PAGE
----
Following the campaign’s close on February 14, $1 million will be donated to the five non-profit organizations, which include The Salvation Army and United Way, in support of their education programs.
Target’s e-card campaign is the company’s second cause-marketing initiative to be conducted online during the past 12 months. The campaign, plus Target’s May 2009 $3-million Bullseye campaign, and Chase’s $5-million December Community Giving and Pepsi’s in-progress $20-million Refresh campaigns, are seeding the contest playing field. Online charitable-giving contests will be an interesting game to watch in the coming months as other teams enter the arena to compete for votes and, hopefully, a lineup of new, enthusiastic brand ambassadors.

Target launched today the latest example of a philanthropic campaign in which consumers can interact online with a brand. Target’s to-be-crowdsourced giving contest, titled Super Love Sender, in celebration of Valentine’s Day and the Super Bowl, is built around Facebook’s platform.

How it works: Through Target’s Facebook page, you can create and send customized Valentine’s Day, football-inspired video cards. Every time a video card is sent, the charity of your choosing (from a group of five organizations pre-selected by Target) receives a vote. The percentage of votes will correlate with the amount of funds allocated to each organization.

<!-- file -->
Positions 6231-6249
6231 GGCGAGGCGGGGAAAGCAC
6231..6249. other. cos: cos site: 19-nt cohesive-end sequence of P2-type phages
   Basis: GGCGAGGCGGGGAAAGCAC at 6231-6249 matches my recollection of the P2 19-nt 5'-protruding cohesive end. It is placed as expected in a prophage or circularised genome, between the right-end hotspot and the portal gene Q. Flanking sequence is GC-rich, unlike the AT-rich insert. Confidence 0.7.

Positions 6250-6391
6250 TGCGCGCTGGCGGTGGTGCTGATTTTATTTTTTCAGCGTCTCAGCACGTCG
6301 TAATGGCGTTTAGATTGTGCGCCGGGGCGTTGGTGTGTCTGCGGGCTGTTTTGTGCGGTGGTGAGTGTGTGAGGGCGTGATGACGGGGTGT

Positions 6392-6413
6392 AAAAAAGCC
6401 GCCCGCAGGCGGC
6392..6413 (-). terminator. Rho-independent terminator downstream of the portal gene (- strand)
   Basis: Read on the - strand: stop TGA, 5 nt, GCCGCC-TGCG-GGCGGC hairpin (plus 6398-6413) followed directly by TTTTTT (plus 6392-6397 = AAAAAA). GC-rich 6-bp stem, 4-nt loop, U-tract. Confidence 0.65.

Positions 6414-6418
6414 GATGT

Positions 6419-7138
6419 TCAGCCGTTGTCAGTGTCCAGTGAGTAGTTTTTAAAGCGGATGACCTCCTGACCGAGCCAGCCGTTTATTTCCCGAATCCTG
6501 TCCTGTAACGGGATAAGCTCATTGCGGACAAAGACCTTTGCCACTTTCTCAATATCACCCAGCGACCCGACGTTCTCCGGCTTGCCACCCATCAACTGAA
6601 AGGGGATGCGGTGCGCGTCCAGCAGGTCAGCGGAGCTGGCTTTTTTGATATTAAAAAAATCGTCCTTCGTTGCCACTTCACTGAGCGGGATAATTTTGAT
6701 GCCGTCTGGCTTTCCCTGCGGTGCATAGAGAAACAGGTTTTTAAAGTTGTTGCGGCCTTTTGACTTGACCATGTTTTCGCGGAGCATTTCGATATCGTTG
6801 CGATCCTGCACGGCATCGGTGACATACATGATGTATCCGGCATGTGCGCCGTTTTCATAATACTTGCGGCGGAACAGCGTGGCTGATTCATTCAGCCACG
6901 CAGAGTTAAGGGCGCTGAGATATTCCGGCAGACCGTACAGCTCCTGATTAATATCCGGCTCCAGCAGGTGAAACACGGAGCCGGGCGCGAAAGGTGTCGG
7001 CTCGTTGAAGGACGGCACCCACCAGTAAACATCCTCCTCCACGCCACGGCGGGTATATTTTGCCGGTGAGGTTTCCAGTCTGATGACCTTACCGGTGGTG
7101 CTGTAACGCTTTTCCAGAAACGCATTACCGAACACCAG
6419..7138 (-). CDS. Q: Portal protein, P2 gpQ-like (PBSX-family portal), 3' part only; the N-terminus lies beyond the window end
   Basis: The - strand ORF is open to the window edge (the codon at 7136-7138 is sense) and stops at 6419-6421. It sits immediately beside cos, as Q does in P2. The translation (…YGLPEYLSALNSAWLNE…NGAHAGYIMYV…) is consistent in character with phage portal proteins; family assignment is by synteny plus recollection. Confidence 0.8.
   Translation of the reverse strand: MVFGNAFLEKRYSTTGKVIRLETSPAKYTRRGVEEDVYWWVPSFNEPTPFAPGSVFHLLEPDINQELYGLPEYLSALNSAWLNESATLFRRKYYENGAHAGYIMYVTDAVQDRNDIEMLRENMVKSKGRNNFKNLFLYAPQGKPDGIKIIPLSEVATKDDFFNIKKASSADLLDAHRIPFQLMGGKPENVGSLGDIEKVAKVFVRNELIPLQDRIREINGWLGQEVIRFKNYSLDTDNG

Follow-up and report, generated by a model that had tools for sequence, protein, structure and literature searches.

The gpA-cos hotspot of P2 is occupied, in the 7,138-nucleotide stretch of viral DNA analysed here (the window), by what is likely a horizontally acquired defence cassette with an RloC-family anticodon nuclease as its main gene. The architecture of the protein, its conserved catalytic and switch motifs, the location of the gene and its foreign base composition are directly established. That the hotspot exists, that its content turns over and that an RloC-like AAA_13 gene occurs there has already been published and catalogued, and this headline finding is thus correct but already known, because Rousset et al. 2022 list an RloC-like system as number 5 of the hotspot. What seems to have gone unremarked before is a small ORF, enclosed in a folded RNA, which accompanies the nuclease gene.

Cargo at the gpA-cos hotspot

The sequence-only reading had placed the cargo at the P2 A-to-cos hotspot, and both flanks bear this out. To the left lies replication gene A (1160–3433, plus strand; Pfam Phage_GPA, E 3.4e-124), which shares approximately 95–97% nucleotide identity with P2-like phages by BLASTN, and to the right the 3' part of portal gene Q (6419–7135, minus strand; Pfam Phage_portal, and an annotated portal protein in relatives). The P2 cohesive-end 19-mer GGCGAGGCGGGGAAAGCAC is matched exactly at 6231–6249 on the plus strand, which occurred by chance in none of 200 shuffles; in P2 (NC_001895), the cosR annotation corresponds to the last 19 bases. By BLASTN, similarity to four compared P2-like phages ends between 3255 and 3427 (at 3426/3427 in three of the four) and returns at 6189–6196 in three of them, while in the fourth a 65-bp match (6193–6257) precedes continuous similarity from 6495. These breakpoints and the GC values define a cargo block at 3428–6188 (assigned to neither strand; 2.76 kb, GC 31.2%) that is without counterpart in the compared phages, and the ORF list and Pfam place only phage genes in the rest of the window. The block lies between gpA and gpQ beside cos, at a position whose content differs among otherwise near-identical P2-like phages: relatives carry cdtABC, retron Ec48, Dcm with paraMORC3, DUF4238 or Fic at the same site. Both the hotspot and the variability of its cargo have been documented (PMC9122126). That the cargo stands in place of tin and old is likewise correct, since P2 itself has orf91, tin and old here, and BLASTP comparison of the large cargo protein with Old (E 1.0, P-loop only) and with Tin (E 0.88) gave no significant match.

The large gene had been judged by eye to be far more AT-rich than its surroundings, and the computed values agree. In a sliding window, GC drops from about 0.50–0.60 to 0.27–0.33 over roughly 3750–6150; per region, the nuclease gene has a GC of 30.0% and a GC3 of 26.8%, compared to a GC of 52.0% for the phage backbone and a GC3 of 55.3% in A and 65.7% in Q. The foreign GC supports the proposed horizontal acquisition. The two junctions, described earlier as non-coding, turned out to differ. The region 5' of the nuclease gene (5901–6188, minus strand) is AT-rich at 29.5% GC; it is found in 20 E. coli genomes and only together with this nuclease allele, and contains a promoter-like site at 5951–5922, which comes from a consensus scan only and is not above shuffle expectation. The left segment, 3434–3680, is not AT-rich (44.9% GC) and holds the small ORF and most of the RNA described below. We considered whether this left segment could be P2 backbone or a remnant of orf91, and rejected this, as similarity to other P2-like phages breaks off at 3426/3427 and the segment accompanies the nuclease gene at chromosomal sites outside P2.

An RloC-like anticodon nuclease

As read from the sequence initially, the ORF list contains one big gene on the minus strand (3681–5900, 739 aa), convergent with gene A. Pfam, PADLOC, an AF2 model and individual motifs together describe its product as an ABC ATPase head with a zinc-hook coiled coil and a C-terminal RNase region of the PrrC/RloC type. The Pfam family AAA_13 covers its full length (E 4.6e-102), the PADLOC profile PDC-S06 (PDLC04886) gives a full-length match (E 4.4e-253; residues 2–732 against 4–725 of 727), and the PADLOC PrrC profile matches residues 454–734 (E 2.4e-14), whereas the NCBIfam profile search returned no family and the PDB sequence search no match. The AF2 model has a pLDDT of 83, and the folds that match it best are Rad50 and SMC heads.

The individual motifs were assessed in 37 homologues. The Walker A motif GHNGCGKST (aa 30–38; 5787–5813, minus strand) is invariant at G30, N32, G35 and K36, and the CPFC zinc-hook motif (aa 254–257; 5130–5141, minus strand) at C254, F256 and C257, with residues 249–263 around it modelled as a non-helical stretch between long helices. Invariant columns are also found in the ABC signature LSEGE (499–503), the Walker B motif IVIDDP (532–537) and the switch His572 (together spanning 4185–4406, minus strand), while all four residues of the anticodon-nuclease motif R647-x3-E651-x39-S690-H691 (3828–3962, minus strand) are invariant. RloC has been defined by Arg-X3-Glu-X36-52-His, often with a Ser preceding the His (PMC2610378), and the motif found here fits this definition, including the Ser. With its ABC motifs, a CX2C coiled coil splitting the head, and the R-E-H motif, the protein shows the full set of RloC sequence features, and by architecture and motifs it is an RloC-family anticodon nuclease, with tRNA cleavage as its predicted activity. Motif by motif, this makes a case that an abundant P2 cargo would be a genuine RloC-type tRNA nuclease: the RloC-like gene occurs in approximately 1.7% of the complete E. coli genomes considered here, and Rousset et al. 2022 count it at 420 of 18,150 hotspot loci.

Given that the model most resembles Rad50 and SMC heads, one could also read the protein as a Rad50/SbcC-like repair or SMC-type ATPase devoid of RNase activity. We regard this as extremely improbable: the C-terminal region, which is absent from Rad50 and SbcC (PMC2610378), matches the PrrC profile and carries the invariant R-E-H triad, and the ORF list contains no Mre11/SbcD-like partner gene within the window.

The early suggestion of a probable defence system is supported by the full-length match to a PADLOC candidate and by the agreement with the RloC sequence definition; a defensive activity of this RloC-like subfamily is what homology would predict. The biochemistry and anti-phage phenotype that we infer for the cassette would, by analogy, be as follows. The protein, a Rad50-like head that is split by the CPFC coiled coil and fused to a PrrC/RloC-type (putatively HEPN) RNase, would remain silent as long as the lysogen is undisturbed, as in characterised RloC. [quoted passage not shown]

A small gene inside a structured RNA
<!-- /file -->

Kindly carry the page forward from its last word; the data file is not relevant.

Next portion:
Following the campaign’s close on February 14, $1 million will be donated to the five non-profit organizations, which include The Salvation Army and United Way, in support of their education programs.

Target’s e-card campaign is the company’s second cause-marketing initiative to be conducted online during the past 12 months. The campaign, plus Target’s May 2009 $3-million Bullseye campaign, and Chase’s $5-million December Community Giving and Pepsi’s in-progress $20-million Refresh campaigns, are seeding the contest playing field. Online charitable-giving contests will be an interesting game to watch in the coming months as other teams enter the arena to compete for votes and, hopefully, a lineup of new, enthusiastic brand ambassadors.